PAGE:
Virtual Reality (VR) is popping up in surprisingly useful places. It’s gone way beyond gaming, although games such as Fallout 4 and Elite: Dangerous still get plenty of attention.
For instance, Wisconsin Oven lets potential customers walk through their facility on a VR tour. Forget catalogs when you can actually see how the ovens are made.
Surgeons can practice procedures before getting near the operating room. This allows them to work out most problems before touching their patient. We all support this, right?
Therapists treat us through exposure therapy using VR. Afraid of spiders? No problem, just slip on a VR headset and you’ll see a teeny spider in the distance. Gradually, as your fear decreases due to repeated exposure to more and bigger spiders, you’ll be able to keep a tarantula around the house.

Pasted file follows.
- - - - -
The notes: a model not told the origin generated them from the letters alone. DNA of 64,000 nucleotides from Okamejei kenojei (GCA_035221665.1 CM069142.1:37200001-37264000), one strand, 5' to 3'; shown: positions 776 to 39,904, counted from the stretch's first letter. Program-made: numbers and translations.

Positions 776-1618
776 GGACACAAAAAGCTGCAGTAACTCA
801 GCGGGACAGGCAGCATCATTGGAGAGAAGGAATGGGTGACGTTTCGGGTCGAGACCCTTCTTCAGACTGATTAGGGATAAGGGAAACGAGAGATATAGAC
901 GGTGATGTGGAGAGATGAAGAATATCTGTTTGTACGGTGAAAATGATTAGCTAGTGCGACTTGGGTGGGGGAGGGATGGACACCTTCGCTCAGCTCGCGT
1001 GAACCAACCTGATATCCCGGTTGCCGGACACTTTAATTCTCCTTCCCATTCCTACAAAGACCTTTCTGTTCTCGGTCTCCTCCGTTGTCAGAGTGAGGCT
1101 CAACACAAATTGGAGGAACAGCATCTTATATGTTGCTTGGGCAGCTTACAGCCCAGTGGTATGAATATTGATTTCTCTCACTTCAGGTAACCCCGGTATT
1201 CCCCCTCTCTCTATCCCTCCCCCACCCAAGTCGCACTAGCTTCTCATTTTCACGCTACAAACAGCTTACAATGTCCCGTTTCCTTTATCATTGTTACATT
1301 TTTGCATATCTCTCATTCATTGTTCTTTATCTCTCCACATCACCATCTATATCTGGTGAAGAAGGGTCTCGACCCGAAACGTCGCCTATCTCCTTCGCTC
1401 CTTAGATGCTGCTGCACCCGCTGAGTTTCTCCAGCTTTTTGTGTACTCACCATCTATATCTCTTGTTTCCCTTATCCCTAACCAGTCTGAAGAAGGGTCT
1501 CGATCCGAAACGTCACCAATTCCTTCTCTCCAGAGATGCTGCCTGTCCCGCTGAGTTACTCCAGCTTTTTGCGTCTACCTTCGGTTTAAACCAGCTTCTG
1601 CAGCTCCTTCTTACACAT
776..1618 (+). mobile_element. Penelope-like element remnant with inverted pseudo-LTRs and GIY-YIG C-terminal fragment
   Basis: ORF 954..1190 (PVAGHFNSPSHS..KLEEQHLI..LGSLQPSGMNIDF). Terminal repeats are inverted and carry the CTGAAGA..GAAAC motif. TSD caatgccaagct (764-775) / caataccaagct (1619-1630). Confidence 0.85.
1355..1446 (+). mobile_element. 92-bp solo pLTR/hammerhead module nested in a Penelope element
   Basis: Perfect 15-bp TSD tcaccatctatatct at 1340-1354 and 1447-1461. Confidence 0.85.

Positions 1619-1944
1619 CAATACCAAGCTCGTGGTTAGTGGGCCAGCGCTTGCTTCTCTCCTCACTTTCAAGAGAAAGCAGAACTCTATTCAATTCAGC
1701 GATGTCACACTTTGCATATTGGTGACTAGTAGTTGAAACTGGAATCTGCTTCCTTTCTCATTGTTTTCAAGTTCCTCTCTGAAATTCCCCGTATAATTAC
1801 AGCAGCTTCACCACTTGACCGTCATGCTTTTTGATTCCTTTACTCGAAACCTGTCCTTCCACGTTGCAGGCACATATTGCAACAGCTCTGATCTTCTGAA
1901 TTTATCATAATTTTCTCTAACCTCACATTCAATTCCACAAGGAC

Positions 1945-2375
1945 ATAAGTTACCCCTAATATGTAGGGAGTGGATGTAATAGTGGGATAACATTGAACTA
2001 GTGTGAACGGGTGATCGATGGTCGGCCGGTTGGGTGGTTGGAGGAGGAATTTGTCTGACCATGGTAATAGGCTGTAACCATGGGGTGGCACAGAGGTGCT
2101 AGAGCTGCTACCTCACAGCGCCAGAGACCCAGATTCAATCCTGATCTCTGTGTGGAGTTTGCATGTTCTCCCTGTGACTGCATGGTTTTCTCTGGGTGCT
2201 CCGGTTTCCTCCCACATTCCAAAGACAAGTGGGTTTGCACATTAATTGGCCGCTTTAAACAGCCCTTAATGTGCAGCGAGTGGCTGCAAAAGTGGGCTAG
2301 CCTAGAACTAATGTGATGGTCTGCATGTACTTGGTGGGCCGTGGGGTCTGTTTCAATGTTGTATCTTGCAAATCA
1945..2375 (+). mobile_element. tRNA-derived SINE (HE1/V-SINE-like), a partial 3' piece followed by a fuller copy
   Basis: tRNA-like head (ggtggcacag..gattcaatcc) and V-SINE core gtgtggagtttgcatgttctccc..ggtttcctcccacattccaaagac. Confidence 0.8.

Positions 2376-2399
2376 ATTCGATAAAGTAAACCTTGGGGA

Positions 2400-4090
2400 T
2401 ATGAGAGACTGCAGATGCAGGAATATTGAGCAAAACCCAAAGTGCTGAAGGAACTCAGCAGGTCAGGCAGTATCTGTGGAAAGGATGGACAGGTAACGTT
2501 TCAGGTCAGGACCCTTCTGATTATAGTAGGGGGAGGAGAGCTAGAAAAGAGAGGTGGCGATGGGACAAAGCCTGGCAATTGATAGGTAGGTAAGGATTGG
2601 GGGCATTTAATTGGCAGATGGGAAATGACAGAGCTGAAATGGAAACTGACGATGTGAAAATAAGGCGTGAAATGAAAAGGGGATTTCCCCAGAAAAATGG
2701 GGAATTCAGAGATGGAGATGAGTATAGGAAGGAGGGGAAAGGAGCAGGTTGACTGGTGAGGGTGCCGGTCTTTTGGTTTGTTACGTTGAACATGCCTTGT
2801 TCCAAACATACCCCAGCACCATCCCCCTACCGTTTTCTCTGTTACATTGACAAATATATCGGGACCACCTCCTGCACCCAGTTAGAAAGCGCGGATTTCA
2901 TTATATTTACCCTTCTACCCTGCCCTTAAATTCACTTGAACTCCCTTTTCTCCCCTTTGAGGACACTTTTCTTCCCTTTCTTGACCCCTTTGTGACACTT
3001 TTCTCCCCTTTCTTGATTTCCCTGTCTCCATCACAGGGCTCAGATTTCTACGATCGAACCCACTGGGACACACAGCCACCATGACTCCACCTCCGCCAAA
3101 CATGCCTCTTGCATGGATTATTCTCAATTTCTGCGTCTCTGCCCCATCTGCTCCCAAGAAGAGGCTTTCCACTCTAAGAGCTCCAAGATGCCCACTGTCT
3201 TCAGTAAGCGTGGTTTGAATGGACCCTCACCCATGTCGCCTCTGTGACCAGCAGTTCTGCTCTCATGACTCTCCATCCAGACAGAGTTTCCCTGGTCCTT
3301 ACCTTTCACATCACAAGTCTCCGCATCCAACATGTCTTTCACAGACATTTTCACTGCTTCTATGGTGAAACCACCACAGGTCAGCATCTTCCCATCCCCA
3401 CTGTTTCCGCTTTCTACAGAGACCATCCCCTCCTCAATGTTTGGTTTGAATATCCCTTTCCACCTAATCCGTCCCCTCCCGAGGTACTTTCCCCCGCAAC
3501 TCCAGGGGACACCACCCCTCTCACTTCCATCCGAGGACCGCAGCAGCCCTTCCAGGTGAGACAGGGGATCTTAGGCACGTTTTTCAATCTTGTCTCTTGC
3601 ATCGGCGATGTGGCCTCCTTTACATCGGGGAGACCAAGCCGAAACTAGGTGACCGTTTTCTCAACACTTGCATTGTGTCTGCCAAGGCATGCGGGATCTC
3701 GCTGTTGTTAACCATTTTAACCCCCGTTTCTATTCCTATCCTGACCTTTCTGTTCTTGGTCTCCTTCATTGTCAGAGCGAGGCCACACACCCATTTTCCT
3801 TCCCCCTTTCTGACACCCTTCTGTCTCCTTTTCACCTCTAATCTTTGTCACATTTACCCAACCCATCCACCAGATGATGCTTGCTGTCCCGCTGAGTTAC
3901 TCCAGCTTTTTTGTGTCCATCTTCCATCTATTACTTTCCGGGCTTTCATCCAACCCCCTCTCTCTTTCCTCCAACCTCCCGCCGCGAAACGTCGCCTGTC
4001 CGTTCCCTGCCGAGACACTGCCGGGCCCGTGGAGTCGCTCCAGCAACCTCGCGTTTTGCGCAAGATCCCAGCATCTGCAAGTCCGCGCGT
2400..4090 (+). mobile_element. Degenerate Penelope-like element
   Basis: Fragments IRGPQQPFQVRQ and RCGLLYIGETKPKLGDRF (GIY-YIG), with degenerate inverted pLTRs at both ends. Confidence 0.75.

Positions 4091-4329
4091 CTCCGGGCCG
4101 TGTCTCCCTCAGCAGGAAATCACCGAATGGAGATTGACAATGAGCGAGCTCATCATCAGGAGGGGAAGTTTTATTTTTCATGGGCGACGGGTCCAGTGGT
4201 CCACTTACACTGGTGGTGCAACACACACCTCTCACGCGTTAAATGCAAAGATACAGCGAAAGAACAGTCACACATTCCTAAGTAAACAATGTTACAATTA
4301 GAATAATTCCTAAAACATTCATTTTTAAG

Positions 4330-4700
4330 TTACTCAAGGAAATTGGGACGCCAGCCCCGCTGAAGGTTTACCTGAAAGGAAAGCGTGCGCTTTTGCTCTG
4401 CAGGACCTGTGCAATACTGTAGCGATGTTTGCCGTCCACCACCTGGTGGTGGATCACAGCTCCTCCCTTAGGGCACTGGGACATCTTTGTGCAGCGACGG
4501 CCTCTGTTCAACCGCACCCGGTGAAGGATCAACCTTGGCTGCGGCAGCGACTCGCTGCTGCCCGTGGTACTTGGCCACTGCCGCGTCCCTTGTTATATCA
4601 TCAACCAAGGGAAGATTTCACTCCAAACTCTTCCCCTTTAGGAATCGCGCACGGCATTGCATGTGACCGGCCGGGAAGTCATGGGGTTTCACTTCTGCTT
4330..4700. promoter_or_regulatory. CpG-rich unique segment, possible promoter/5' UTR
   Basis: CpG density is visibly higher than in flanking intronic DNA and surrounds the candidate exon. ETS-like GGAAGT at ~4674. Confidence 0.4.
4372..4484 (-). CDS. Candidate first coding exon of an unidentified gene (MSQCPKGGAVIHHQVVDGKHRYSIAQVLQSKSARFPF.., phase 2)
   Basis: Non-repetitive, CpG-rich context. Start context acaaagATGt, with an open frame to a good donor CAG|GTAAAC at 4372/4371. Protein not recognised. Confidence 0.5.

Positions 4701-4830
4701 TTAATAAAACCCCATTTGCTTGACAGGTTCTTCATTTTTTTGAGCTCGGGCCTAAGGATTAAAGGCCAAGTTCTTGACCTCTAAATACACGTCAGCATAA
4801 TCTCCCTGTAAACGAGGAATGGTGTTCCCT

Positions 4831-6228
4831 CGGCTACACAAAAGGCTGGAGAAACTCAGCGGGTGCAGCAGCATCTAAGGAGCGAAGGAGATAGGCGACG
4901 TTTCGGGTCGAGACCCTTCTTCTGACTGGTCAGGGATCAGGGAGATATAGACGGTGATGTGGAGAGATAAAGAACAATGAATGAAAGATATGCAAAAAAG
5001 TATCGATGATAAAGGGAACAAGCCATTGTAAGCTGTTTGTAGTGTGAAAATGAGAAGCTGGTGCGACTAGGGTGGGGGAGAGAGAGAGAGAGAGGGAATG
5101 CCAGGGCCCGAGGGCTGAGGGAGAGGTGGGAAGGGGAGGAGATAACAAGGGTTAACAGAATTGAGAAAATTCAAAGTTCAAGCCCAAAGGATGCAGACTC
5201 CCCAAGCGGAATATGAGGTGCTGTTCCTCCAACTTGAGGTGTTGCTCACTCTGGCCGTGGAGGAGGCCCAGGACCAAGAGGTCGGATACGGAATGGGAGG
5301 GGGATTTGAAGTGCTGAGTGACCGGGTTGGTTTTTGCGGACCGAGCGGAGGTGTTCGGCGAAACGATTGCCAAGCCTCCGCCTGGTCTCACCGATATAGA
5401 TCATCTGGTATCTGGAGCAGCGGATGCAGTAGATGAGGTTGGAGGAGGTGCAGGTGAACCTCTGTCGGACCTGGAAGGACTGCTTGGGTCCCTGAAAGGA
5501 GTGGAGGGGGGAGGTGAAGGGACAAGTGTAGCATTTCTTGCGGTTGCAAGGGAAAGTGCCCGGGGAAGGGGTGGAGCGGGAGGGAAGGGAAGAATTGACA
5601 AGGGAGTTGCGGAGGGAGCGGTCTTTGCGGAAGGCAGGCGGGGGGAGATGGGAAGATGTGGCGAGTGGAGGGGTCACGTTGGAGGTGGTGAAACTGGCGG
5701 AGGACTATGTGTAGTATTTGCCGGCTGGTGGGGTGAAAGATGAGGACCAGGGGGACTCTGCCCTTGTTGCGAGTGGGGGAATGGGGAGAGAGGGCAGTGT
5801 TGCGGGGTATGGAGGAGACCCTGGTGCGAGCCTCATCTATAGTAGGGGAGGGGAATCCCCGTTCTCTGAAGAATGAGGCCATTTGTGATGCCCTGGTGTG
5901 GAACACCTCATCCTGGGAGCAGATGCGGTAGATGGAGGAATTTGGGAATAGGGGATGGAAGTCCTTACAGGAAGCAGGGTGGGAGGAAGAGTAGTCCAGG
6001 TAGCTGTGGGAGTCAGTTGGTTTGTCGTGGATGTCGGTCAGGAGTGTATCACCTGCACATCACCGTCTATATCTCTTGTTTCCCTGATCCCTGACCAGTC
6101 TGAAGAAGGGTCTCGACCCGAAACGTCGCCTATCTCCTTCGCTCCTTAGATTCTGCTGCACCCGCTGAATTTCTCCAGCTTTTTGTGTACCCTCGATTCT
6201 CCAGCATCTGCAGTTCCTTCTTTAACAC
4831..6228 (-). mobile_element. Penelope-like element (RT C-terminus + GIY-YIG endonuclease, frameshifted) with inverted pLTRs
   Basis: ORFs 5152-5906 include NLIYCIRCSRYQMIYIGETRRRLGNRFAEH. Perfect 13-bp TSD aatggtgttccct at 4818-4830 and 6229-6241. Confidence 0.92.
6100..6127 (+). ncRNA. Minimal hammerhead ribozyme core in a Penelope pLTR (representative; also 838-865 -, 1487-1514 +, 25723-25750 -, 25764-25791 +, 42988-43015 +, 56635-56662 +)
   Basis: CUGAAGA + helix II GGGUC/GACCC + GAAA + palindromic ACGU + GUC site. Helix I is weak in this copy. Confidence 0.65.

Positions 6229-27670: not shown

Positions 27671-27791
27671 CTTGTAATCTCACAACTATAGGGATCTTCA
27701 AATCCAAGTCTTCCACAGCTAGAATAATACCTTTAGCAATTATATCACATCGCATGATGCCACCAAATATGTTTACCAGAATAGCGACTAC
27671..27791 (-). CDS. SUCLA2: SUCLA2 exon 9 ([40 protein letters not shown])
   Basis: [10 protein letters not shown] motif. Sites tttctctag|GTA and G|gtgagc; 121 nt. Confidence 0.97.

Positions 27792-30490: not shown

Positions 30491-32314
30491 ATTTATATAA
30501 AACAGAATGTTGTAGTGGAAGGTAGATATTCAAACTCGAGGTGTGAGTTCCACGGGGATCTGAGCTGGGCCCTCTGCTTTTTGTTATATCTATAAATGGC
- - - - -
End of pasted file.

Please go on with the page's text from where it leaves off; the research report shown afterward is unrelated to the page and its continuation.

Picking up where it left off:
Well, you get the idea, anyway.
VR’s potential is limited only by our imaginations. But, during this explosive exploration, we hope designers work on the nuts and bolts of making the VR world seamless to our eyes.
If the timing is just a teensy bit off, many users will feel a rush of VR-related motion sickness. Unlike the VR world, the nausea is IRL (In Real Life).
The good news is, Reliefband® on the wrist controls the nausea, retching, and vomiting of VR-related motion sickness. Slip it on, turn it on, and Live Life in Full Motion. Enjoy Virtual Reality, no matter the reason you find yourself there.